The European Council president Donald Tusk said on Friday that negotiation talks between the EU and the UK on Brexit are “deadlocked” are exaggerated.

Tusk further suggested that progress is really being made towards a deal in December on the three main issues of the first part. Even so, further efforts are needed to fully expand the negotiations topics, widening the scope of talks beyond divorce.

“it doesn’t mean that there is no progress at all,” said Tusk to reporters at the end of October’s European Council in Brussels. While the EU Brexit negotiations chief Michel Barnier had used the term “deadlock” three times within the same press conference a few days ago, after the fourth round of talks was over in Brussels, the European Council president does not share this feeling.

On the other side, contradicting his institutional neighbor, the European Commission president Jean-Claude Juncker told reporters that Barnier did not exaggerate. “In my rhetoric, I would have used the word deadlock four times, not three times,” said Juncker.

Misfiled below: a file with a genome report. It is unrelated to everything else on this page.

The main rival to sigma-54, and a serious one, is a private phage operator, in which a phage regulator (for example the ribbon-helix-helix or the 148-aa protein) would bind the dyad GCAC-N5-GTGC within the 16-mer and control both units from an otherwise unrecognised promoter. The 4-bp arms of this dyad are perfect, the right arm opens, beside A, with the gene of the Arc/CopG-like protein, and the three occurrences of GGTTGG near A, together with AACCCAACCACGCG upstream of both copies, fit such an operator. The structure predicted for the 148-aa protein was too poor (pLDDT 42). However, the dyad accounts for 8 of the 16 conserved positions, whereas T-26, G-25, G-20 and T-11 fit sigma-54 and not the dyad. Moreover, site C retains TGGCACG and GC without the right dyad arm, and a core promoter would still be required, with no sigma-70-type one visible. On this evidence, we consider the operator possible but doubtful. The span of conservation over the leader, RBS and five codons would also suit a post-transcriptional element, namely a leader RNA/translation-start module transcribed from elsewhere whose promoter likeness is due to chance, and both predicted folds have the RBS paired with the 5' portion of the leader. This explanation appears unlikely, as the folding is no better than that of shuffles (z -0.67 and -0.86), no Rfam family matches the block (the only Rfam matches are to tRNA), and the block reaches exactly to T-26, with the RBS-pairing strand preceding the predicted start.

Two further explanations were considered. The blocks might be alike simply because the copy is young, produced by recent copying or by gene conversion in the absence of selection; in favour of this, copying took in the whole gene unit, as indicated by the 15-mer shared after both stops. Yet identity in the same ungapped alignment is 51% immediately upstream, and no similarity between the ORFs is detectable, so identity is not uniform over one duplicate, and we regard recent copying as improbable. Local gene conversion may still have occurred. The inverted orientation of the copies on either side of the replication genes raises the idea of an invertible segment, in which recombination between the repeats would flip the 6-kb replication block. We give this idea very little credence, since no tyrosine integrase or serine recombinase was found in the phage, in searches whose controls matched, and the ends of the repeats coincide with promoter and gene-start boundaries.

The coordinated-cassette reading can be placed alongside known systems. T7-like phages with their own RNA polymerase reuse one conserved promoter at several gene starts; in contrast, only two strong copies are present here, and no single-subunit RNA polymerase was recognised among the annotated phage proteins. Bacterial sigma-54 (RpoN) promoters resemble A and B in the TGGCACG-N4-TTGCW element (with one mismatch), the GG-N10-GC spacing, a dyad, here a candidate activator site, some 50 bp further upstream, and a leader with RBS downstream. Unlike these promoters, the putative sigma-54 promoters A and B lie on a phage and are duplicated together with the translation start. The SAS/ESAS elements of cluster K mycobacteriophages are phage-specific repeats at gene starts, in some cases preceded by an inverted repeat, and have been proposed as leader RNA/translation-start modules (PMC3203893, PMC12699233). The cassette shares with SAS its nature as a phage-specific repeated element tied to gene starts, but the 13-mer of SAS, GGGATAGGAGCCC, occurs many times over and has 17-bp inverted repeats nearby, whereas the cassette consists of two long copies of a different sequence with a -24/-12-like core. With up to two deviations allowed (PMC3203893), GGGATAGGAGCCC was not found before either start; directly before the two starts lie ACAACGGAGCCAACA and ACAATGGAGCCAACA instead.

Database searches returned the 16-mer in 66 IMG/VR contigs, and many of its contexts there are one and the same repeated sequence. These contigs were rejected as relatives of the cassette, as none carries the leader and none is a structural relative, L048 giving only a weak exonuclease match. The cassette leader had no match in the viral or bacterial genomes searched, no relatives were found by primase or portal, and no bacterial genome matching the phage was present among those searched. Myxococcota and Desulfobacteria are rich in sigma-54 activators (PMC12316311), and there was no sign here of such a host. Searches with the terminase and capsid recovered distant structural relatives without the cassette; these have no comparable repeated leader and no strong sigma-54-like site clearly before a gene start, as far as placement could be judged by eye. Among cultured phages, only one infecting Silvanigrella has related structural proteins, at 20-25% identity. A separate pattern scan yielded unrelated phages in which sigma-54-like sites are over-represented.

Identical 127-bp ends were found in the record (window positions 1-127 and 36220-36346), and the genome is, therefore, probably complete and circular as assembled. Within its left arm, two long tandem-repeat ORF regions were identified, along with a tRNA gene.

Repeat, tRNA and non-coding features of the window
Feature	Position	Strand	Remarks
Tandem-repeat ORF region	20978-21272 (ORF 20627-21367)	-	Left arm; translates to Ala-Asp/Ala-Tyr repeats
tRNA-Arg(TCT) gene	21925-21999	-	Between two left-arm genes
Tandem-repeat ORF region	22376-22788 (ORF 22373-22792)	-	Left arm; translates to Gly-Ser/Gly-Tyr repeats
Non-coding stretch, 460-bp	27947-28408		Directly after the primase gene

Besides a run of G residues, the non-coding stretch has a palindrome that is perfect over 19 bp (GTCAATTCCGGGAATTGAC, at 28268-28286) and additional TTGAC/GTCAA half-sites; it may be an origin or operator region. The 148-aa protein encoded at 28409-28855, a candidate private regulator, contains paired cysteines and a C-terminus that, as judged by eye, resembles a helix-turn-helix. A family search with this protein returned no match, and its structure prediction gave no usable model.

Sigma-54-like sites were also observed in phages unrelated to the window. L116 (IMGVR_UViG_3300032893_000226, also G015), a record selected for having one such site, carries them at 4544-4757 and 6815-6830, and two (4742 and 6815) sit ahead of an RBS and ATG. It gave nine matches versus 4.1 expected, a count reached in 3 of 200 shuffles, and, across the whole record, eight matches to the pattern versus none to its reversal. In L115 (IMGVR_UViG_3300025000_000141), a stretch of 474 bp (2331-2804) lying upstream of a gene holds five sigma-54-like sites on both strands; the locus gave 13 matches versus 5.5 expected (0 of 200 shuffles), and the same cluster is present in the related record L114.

The EU executive president also used the European Council’s final press conference to stress that as for the UK side, no one had yet explained what a “no deal scenario” means to London, even though Brussels understood perfectly well. Juncker underlined that the British would be in for a “collective education” were it to go down the no deal route in negotiations.

“I want to be the positive motivator for the next five or six weeks because our ambition is to achieve the final of the first phase in December. For this we need, maybe a more positive narrative. You can describe our negotiations in very different words, but my feeling today … I feel that for sure both sides present only good will and this is why maybe in my rhetoric I am maybe a little bit more optimistic than Michel Barnier, but I am also in a different role,” added Tusk, defending his more positive view on divorce talks.

But even if Tusk struggled to show a more positive tone, the next round of Brexit negotiations has not yet been scheduled, even though both the UK and the EU say that they are aiming to make sufficient progress in negotiations before the European Council summit in December this year, the next opportunity for the EU-27 to judge whether it is time for trade talks after the two sides failed to make it to this Friday’s first negotiating milestone.